Journal of the Plague Year in the Grassmarket

Only a month ago I was due to attend a meeting to debate how community groups might counter over-tourism in the Old Town. Needless to say it was cancelled as Covid-19 came to dominate our lives.

What a lot of new words have entered our vocabularies ‘lock-down’, ‘social distancing’, ‘shielding’ replacing last year’s new language of Brexit. There are, however, no people sitting debating the issue outside the pubs. Some like the Black Bull and the Beehive are boarded up adding to the bleakness of the scene.

The whole area is deserted as the tourists have vanished and the students have returned home. The eerie silence is broken only by birdsong – no buses, no rumble of suitcases, no cries of rollicking stag nights. By day the only people to be seen on the streets are a few joggers or essential workers: at night the streets are empty. Traffic is much reduced and so is air pollution. The cranes on the India Buildings hang idle over the scene. Will we ever again need a Virgin hotel with 225 guest rooms?

Living off the Grassmarket for the last 45 years, I have witnessed immense change. What was once a rather edgy area is now the heart of tourist Edinburgh. Even in my wildest dreams I could not have imagined that the Dickensian Castle Trades Hotel for single homeless men would be turned into a flagship cashmere store. Then 90% of the accommodation was social housing whereas now well over a quarter is AirB&B short-term lets. Local food shops have vanished to be replaced by outlets designed for tourists. The Vennel steps, or should I say the recently renamed Miss Jean Brodie Steps, was until recently haunted by Far Eastern couples looking for the perfect wedding photograph.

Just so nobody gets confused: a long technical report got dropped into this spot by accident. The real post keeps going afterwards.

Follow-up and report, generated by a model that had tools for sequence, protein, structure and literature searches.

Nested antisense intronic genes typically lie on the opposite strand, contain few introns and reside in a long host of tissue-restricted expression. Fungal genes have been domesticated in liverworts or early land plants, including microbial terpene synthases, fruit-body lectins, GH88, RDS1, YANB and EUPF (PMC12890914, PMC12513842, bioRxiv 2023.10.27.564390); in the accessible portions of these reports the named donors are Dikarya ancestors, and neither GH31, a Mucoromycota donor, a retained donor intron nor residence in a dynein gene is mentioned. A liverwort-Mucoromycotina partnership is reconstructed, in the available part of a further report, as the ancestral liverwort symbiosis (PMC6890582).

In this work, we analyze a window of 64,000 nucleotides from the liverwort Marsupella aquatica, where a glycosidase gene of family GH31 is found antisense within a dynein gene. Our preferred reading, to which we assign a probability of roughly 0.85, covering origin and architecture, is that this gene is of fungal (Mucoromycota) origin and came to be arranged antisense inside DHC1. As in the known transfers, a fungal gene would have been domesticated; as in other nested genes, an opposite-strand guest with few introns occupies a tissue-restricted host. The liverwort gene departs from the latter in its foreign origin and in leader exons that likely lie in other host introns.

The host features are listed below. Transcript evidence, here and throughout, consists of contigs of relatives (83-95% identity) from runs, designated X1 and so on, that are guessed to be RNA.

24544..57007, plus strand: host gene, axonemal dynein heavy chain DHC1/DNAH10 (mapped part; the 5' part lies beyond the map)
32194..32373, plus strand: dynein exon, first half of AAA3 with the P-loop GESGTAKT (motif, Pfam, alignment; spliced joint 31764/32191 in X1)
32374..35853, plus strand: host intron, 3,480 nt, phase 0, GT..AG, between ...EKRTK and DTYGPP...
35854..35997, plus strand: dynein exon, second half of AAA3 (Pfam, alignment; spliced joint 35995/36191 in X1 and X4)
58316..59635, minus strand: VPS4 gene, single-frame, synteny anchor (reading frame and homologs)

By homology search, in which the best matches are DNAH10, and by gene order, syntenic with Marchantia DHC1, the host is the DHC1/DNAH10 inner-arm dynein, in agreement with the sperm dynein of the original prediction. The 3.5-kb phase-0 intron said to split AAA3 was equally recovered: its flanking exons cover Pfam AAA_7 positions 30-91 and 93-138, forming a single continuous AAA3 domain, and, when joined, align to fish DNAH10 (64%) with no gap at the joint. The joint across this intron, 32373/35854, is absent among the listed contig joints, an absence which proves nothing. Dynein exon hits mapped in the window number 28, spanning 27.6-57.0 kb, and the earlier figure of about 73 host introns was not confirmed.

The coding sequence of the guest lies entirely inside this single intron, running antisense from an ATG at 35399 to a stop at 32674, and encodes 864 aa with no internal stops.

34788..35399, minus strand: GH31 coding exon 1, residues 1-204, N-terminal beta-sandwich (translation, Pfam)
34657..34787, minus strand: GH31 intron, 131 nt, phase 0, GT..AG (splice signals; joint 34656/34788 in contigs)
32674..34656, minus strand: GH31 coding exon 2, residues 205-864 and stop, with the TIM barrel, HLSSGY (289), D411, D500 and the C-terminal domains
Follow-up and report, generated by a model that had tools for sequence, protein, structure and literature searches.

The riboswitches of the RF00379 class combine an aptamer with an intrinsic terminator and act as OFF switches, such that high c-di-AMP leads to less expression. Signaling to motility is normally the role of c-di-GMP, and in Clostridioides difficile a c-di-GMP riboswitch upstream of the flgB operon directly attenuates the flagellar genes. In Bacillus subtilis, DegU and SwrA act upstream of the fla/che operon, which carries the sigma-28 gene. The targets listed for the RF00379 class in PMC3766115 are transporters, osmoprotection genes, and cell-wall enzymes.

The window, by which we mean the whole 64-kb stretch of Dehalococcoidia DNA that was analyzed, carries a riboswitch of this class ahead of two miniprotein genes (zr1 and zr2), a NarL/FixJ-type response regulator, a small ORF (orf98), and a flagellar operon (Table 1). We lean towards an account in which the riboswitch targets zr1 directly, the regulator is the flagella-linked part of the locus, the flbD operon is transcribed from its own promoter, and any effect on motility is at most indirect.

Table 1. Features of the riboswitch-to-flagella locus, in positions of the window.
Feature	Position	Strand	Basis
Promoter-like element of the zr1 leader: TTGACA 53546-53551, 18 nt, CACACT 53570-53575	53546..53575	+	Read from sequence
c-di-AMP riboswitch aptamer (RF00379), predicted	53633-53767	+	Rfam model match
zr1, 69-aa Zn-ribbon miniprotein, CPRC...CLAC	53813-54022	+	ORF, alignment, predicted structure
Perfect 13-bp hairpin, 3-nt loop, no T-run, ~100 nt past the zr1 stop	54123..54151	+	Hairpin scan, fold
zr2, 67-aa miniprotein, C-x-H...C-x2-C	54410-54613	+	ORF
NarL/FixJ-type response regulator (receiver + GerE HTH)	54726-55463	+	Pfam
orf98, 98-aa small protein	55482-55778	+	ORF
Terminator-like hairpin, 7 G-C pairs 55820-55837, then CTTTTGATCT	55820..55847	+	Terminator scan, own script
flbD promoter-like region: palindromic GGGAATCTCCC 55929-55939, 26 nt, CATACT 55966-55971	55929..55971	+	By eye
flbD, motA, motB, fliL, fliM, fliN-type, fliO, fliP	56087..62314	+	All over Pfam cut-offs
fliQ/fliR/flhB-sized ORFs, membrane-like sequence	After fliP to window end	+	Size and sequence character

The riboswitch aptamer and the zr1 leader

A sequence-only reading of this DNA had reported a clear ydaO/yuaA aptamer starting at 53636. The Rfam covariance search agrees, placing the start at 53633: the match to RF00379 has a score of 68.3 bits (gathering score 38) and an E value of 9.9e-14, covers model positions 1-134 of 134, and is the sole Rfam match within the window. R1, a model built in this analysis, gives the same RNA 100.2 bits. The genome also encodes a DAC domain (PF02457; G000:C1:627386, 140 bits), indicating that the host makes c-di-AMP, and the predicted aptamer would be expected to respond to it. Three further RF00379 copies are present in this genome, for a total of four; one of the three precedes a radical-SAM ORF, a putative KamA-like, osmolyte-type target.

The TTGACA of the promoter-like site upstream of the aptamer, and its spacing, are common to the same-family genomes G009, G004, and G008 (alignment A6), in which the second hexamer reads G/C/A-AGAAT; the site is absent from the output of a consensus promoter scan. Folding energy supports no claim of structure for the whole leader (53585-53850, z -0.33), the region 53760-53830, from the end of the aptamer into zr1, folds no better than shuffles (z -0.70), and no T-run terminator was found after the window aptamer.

I have never witnessed change happen so quickly and with such a dramatic effect as in the last month. Some of the change has brought out the best in people. Neighbours are getting to know each other and performing acts of great kindness from providing home-baking to simply phoning to check if you need anything. Strangers greet you in the streets. It has, however, revealed some downsides, especially just how small a community of long-term residents is left. At night there are no lights in many of the tenements and by day the streets are empty compared with many parts of the city where life has a greater feel of purpose and normality. In recent years locals have described living in the Grassmarket as being on a stage set for tourists. Now the lights are out and the theatre is dark.

This enforced hiatus in our lives provides a chance to reflect on what sort of city centre we should like. Even the Festivals are beginning to acknowledge that August has grown out of hand, unmanageable, over-commercialised, fuelled by meeting target numbers rather than by the quality of the experience. We need to think as residents what we want living in the city centre to be like. What does the buzz-word of sustainable tourism actually mean and what actions can we as a community take to achieve it? We cannot go back but we can go forward to a different future.

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